Over the years I’ve read in travellers’ memoirs about pianos shipped out to the tropics, where excessive moisture in the climate has quickly ruined them. I’ve always been relieved that I don’t have to worry about such things, but now I feel I’m getting a little taste of them.
I’m back from the 26th annual festival of the Gaudier Ensemble in Dorset. Over the years this gathering of chamber music specialists from around Europe has come to feel quite special. As our lives have become increasingly complicated, it feels remarkable that each year the same people are able to find a week to converge on the English countryside to rehearse and give four days of concerts in the lovely old church of Cerne Abbas. (In the photo, some of us are rehearsing one of the Mozart piano concertos which the composer suggested could be done with single strings instead of an orchestra.) I wasn’t there at the very beginning of the festival 26 years ago, but even I have been taking part for 24 years!
It also feels quite special that many members of the audience have been attending our concerts for quarter of a century. They often come up to us and recall individual concerts from years ago, commenting on things that we’d forgotten. ‘The year the lights went out.’ ‘The year we all cried during the late-night concert.’ ‘The year you forgot your concert clothes and had to borrow things from people in the village!’ As I survey the audience from my position on stage I relish seeing the familiar faces of people who’ve made the effort once again to be there. They too sometimes travel from far afield to hear our concerts – not just from other parts of England but from other countries.
Amongst the musicians, the conversation kept circling back to Brexit. The players from outside the UK are still baffled by the UK’s decision. Though we were all gathered together once again from our various nations, we Brits did feel subtly different on this occasion. We were glad to have wonderful European chamber music to unite us.
On Tuesday the Guardian had an article about the growing number of stand-up comedians who bring a ‘work in progress’ to the Edinburgh Fringe instead of a fully-developed show. During their run, which could be anything up to three weeks, they ‘develop’ the show, which goes on to tour elsewhere. Sometimes this ‘in-progress’ status is reflected in a cheaper price; sometimes not. Their audiences are big and loyal enough that they’ll pay good money to hear something still being tweaked.
I looked through the 400+ pages of the Fringe brochure to see how comedy runs compare to classical concerts. The difference was striking. Compare the stand-up comedian to the solo pianist. Typically the comedian will perform the same show night after night in the same venue. The pianist, however, will have a single concert date. There are variants: sometimes a group of musicians will present daily concerts, but conscientiously varying the permutations of performers and the programme (as happens also at most music festivals). But if you study either the Edinburgh International Festival brochure or the Fringe brochure it’s clear that the typical concert happens once only.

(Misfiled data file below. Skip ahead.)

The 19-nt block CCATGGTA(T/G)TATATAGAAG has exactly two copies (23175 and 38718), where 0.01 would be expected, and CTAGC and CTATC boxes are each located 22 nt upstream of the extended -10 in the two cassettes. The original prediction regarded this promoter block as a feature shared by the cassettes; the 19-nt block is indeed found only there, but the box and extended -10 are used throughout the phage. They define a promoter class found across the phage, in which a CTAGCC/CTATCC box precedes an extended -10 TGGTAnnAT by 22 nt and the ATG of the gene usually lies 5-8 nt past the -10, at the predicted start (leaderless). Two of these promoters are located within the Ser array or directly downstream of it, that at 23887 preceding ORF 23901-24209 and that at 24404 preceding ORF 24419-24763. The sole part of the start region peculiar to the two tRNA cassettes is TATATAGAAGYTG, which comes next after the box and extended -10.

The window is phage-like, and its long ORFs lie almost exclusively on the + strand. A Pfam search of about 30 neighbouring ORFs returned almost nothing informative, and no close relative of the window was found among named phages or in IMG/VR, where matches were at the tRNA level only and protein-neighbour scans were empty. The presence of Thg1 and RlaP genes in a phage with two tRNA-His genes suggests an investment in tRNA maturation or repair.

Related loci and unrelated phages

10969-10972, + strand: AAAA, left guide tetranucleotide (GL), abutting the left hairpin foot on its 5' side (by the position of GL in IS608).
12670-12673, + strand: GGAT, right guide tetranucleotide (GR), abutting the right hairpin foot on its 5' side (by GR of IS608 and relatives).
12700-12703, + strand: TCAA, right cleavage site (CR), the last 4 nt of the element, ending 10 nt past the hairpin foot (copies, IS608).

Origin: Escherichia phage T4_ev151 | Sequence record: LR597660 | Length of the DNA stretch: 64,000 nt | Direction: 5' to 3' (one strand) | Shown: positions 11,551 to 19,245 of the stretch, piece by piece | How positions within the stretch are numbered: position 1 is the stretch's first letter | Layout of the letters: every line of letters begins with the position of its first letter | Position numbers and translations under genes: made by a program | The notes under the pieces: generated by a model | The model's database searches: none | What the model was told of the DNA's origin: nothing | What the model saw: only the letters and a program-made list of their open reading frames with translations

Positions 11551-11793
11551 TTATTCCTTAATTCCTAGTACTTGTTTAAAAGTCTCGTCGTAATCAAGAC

Why is music so different from theatre? Why does a visiting orchestra come for one night while a visiting theatre company stays for two weeks? There’s a huge mismatch between the amount of preparation that goes in to a single concert and the moment of performance. In that respect music is like the Olympics, where, as we’ve been constantly reminded of late, four or more years of training culminates in a burst of high-profile competition. For the classical solo or chamber musician, too, the single concert is just the outward and visible sign of an awful lot of private practice. Yes, they may have the chance to play the programme elsewhere, but maybe not for a while, and when they do they’ll have to prepare it all over again. Admittedly, touring offers a chance to repeat the same programme in different cities, but touring is only an occasional thing for most musicians. Apart from the theatrical genres of opera and stage musicals, classical musicians have no equivalent of the theatrical ‘run’.
Therefore every concert is a unique chance to make your mark, and every classical performer is obsessed with the fact. If you play less than your best on this one night, you may never be invited back. This fact shapes most musicians’ lives. I can’t even imagine going on stage in front of the paying public with a programme advertised as ‘work in progress’. If I want to try out a concert programme, I do so in private and for free.
Would I prefer a long run of concerts and the chance to try stuff out over several weeks, with the audience’s agreement that I can experiment? I can hardly even imagine it because my professional life has been organised along such utterly different lines. Has any musician tried it, and if so, what was the result? I’d love to hear.